Don’t read pdfs that are sent to you. Adobe, though perceived to be secure with updates on a daily basis, is one of the most hole-riddled companies when it comes to vulnerabilities.
We use an application called “Core Impact” for cyber security which allows for payloads to be inserted into the files themselves.
Nonetheless, be careful. A virus scanner isn’t going to help you against these types of applications.
Same advice here. I was surprised that you are tech savvy enough to correlate user activity across your server logs but not enough to not open email attachments from people you do not know. There are a plethora of ways for folks with skill and training to get into your system, don’t open the door give them the easy way in.
Otherwise it’s a very interesting article, it opened my eyes on the scope of this.
Depends on the OS and the PDF reader. I have no idea what Mr. Maschke used but, for example, I doubt an infected PDF would succeed if it were opened in evince or xpdf on a Linux machine, rather than Adobe’s reader.
Thank you for this advice, which I think is sound. When I first received the e-mail, I was indeed concerned about possible malware, so I opened the PDF with Document Viewer on a virtual machine running Linux from a Live CD ISO file.
I didn’t notice anything fishy about the file itself. However, if you, or any other reader, have the skills to check the PDF file for a malicious payload, you can extract it from the EML file, which is available here.
Did it ever occur to the posters above that he open the pdf via google’s view document feature, or otherwise online.
And no, on a good OS pdf’s do not offer much of a security risk.
One recommendation, I’d remove the name of the sender of the initial message in the various places it appears. On the off chance that this was a genuine, if clumsy, attempt to buy your product by some Iraqi rebel, publishing his name might put him in physical danger. On the other hand, if it’s fake, there’s really nothing to be gained by publishing the exact and full name he used; it doesn’t really add anything substantive to the post.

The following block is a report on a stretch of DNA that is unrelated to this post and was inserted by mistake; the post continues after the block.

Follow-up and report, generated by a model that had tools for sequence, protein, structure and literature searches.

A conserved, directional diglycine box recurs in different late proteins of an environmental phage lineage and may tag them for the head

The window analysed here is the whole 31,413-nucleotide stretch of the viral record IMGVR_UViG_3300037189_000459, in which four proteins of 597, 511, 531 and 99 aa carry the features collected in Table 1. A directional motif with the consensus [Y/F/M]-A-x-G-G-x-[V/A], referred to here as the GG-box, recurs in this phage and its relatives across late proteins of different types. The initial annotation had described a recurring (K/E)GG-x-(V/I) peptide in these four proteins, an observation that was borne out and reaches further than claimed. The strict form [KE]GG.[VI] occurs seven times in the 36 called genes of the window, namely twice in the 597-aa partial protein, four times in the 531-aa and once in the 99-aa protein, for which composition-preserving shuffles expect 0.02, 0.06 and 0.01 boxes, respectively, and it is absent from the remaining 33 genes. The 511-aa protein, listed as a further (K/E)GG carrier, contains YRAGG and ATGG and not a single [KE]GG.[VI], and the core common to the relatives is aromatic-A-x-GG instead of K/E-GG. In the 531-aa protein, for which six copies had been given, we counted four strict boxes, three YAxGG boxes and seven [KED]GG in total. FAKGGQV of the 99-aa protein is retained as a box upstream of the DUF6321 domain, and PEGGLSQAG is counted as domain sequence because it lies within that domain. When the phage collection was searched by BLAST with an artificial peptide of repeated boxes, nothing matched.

J, it is not our normal policy to publish the names of individuals who contact us. But this case is an exception. It seems crystal clear that the e-mails were a set-up. It was certainly no attempt to buy our product: we’re not selling anything. All of the information on AntiPolygraph.org is available for free.
In documenting this attempted entrapment, I think it was important to provide the raw source of the e-mails that I received, which I did. The raw source includes the sender’s (supposed) name, e-mail address, and originating IP address. This is so that others can review and evaluate the evidence for themselves.
It really frosts me with the trillions confiscated annually with the implied gun in purloined taxpayer dollars they are trying to set you up on computers running XP. Inexcusable! 😉